Winter is here and despite your best intentions, you’ve managed to come down with the flu. Even if you only suspect it, there are a few things you can do to recover more quickly, prevent a secondary infection and reduce the spread of infection.
You’re most contagious in the earliest part of the illness (even before you start to experience any symptoms), so if possible, stay home from work and keep away from other people to stop the spread of the virus. The Centers for Disease Control and Prevention recommends staying home until you are fever-free, at least 24-hours.
At the first sign you might be getting sick, go straight to bed. Although this can be challenging with all of life’s commitments, getting adequate rest is so important for preventing and overcoming any illness.
Think about your gut health
The health of your immune system is largely dependant on the health of your gut, where more than 70% of your immune system is housed, so supporting gut health when you’ve got the flu is critical. The best way to do this is by consuming bone broths and eating probiotic-rich fermented foods such as kefir, sauerkraut, kombucha, miso and tempeh, or a probiotic supplement.
It’s likely you won’t feel like eating much when you’ve got the flu, but staying hydrated is really important. Coconut water is full of wonderful natural electrolytes, which make it perfect for supporting hydration. Unless you’re having the real fresh young coconuts, look for a brand that’s unsweetened.
Drink bone broth
There’s an old Chinese proverb that says, “A good chicken broth brings back the dead”, and there’s good reason in this ancient wisdom, because bone broth is full of super immune-boosting nutrients, amino acids, minerals, and cartilage compounds – just be sure to choose one that’s made from organic or pasture fed/free range animals. A vegetarian alternative is miso soup, which is made using fermented soybeans and a good source of protein, probiotics and micronutrients – preferably an organic naturally fermented one, without any additives.
Or sip herbal tea
A nice warm cup of tea can help soothe sore throats, clear stuffy noses and ease chest congestion. Green tea, liquorice root and elderberry have antioxidant, anti-inflammatory and anti-viral properties, which may work to support your immune system and ease some of these symptoms. Echinacea has been found to reduce the severity of viral infections and shorten the duration of infection, but its best to drink Echinacea tea as soon as you feel flu symptoms come on. You can add a teaspoon of Manuka honey to your tea for added antiviral, anti-inflammatory and antioxidant benefits.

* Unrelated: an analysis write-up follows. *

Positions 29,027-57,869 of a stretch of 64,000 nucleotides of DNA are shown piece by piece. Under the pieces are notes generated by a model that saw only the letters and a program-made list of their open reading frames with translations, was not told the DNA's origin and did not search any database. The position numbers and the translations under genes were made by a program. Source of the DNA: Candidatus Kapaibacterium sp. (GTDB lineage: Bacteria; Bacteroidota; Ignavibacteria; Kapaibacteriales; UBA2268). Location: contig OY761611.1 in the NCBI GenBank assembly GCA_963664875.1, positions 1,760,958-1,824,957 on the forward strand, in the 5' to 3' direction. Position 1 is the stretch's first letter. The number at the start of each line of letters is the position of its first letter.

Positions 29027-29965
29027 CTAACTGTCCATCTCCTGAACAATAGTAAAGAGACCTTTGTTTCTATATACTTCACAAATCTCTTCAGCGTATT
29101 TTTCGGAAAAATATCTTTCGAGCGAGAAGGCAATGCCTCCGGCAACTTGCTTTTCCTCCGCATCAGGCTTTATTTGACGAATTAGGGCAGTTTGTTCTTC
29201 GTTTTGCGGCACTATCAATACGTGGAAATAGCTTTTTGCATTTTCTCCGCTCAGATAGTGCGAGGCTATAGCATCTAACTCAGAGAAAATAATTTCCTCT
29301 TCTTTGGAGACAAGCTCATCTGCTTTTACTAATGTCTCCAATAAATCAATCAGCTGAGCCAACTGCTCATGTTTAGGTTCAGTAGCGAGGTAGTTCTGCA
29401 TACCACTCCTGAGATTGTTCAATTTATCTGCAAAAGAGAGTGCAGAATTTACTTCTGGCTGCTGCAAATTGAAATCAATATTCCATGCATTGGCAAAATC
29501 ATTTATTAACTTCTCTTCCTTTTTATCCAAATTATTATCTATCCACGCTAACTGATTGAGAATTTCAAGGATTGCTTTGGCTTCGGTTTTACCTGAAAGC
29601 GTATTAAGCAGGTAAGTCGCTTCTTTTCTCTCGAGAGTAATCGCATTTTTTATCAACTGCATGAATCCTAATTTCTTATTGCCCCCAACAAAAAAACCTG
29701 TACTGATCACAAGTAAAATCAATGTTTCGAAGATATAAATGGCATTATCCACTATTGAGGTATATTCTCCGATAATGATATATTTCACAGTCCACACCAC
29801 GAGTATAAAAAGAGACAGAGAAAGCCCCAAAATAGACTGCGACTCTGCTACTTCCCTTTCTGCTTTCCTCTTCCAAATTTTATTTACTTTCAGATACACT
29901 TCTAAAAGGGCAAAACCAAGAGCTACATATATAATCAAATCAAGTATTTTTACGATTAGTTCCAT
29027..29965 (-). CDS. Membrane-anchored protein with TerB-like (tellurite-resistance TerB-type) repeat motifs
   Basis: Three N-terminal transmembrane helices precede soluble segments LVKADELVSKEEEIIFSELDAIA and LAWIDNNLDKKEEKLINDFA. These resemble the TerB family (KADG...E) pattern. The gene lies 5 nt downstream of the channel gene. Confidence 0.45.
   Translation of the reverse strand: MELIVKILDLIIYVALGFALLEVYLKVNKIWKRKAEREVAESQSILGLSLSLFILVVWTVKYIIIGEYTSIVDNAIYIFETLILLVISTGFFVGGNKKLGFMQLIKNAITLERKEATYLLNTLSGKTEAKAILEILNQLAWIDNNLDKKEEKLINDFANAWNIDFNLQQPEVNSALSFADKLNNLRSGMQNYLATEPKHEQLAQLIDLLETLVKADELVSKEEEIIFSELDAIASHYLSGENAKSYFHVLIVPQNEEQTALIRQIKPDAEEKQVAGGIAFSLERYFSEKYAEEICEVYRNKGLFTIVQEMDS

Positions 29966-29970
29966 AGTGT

Take an Epsom salt bath
Nothing soothes an aching body like a nice hot Epsom salts bath. Epsom salt is high in magnesium sulfate, which will help to ease tired achy muscles.
Sugar suppresses immune function, can increase infection time and adversely affect the bacteria in our gut. All sugar-sweetened foods and beverages should be avoided completely when you’ve got the flu.
Get out your oil burner
Diffusing essential oils such as peppermint (menthol), eucalyptus (antibacterial), tea tree (antiseptic, antibacterial, and anti-inflammatory) and oregano (antibacterial), may help to open and clear congested airways as well as rid the air of bacteria and other microbes. Just make sure you use 100% pure therapeutic grade essential oils that don’t contain any synthetic fragrance or fillers.
Dose up on Vitamin C
Vitamin C has long been known for its role in supporting a healthy immune system and research shows it can reduce the severity and duration of upper respiratory tract infections. Foods rich in vitamin C include fresh seasonal fruits (citrus fruits, berries, kiwi fruit, mango and pineapple) and vegetables (broccoli, kale, capsicum, parsley and fresh peas). Vitamin C is sensitive to heat, light and oxygen and can be partly or completely destroyed by processing, storage or overcooking. Vitamin C can also be taken in supplement form.
Top up on zinc
Zinc is a mineral that is essential for the health of our immune system and has been shown to reduce the duration of upper respiratory tract infection symptoms. The best food sources of zinc are red meat, poultry and seafood (especially oysters and shellfish). Nuts, seeds, legumes, grains and beans that have been soaked (activated) are also good sources, particularly pumpkin seeds. Zinc can also be taken in supplement form.
And don't forget your Vitamin D
Low levels of vitamin D have been shown to reduce immune function and increase the risk of infection. Vitamin D is produced in the body when skin is exposed to ultraviolet radiation from sunlight and according to the Australian Bureau of Statistics, 49% of people living in the southern states of Australia were vitamin D deficient in winter. The best sources of vitamin D are through safe sun exposure, and foods such as liver, eggs, organic dairy and seafood. Vitamin D can also be taken in supplement form.
Disclaimer – Please always seek the advice of a healthcare professional before taking any supplements.
This article was brought to you by Fusion Health.